Social media moderation and regulation


When Twitter and Facebook removed the former POTUS, Donald Trump, from their social media platforms, debates surrounding social media censorship arose.

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Various people supported the social networks' decisions to suspend users who violated rules, while others perceived the move as an infringement of the right to free expression.

Some argued that strong democracies depended on access to public information and upholding individuals' right to express themselves freely.

Social media networks have become invaluable tools for activism, spreading information, and relaying unfolding news. Movements such as Black Lives Matter relied heavily on social media to organize the protests. The violent attack on the Capitol building relied on social media to get protestors to assemble in Washington.

Consequently, social media networks play a crucial role in facilitating the exchange of information between people. But, they are also private companies, which can impose rules on their users and restrict certain kinds of information that they deem unpalatable.

Unfortunately, users cannot do much except refrain from using social media sites that do not seem to support their views.

This raises an important question regarding social media's role in public discourse especially taking into account that the main websites that people use have monopolistic tendencies as they serve billions of users and lack viable alternatives.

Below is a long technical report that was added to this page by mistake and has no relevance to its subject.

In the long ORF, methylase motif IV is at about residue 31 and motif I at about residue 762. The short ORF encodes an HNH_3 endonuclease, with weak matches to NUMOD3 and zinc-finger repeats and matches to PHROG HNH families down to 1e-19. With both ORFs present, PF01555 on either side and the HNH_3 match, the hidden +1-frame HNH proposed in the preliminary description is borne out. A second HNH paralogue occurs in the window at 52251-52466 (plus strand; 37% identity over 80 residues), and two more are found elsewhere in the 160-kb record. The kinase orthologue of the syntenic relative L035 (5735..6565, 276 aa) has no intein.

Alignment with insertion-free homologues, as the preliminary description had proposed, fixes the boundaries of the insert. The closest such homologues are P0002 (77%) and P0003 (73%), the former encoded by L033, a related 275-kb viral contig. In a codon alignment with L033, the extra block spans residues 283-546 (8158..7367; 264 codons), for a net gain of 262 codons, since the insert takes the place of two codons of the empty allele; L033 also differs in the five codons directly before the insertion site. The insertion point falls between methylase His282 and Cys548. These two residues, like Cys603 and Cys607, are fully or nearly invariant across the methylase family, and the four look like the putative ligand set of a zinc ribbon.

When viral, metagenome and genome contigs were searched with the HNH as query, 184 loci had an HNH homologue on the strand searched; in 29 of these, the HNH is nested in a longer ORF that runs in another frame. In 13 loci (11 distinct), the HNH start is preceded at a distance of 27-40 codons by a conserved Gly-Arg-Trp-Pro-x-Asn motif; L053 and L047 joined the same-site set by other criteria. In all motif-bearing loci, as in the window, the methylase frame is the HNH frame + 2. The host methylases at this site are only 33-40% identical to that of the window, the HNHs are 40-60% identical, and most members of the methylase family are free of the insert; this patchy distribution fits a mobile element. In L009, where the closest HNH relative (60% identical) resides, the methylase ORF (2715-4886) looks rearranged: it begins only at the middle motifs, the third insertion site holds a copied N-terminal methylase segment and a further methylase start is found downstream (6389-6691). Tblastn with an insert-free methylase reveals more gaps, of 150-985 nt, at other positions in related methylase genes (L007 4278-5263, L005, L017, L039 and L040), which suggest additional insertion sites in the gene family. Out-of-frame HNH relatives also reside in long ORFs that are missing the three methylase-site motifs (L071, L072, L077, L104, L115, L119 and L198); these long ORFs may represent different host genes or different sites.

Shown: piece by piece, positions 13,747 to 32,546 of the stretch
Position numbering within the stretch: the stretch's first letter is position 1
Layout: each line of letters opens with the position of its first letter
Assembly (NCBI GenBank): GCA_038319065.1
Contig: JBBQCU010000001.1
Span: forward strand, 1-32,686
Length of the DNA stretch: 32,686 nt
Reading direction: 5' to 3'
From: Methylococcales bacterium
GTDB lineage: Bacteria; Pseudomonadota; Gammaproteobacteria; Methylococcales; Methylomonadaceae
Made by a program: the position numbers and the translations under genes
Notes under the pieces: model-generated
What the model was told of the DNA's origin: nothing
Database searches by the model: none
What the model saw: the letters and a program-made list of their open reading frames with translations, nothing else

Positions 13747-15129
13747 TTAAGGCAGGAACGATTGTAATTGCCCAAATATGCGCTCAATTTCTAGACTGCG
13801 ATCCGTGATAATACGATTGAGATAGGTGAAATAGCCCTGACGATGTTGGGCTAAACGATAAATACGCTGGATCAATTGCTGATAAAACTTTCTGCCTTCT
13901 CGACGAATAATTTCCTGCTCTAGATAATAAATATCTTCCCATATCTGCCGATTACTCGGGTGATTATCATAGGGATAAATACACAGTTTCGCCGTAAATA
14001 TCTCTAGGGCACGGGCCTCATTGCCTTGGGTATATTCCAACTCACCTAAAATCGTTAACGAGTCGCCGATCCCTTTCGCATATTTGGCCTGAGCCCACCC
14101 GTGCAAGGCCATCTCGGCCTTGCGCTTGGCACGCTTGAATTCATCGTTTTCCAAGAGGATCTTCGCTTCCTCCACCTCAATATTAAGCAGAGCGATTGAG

Additionally, these websites provide access to their users in exchange for their information, data, and time. However, the users do not understand that these privileges can be taken away at any one time that the social media companies decide.

So, what are the solutions to this growing issue?

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Signal and Telegram

The answer lies in the decentralization of the internet.

First, individuals can opt to use self-sovereign digital identities where the users own their identity data without intervention from third parties. Second, the use of autonomous P2P networks like Elastos, which are server-less and decentralized. The Signal app is decentralized communication channel that seeks to give services to their users without infringing on their right to privacy.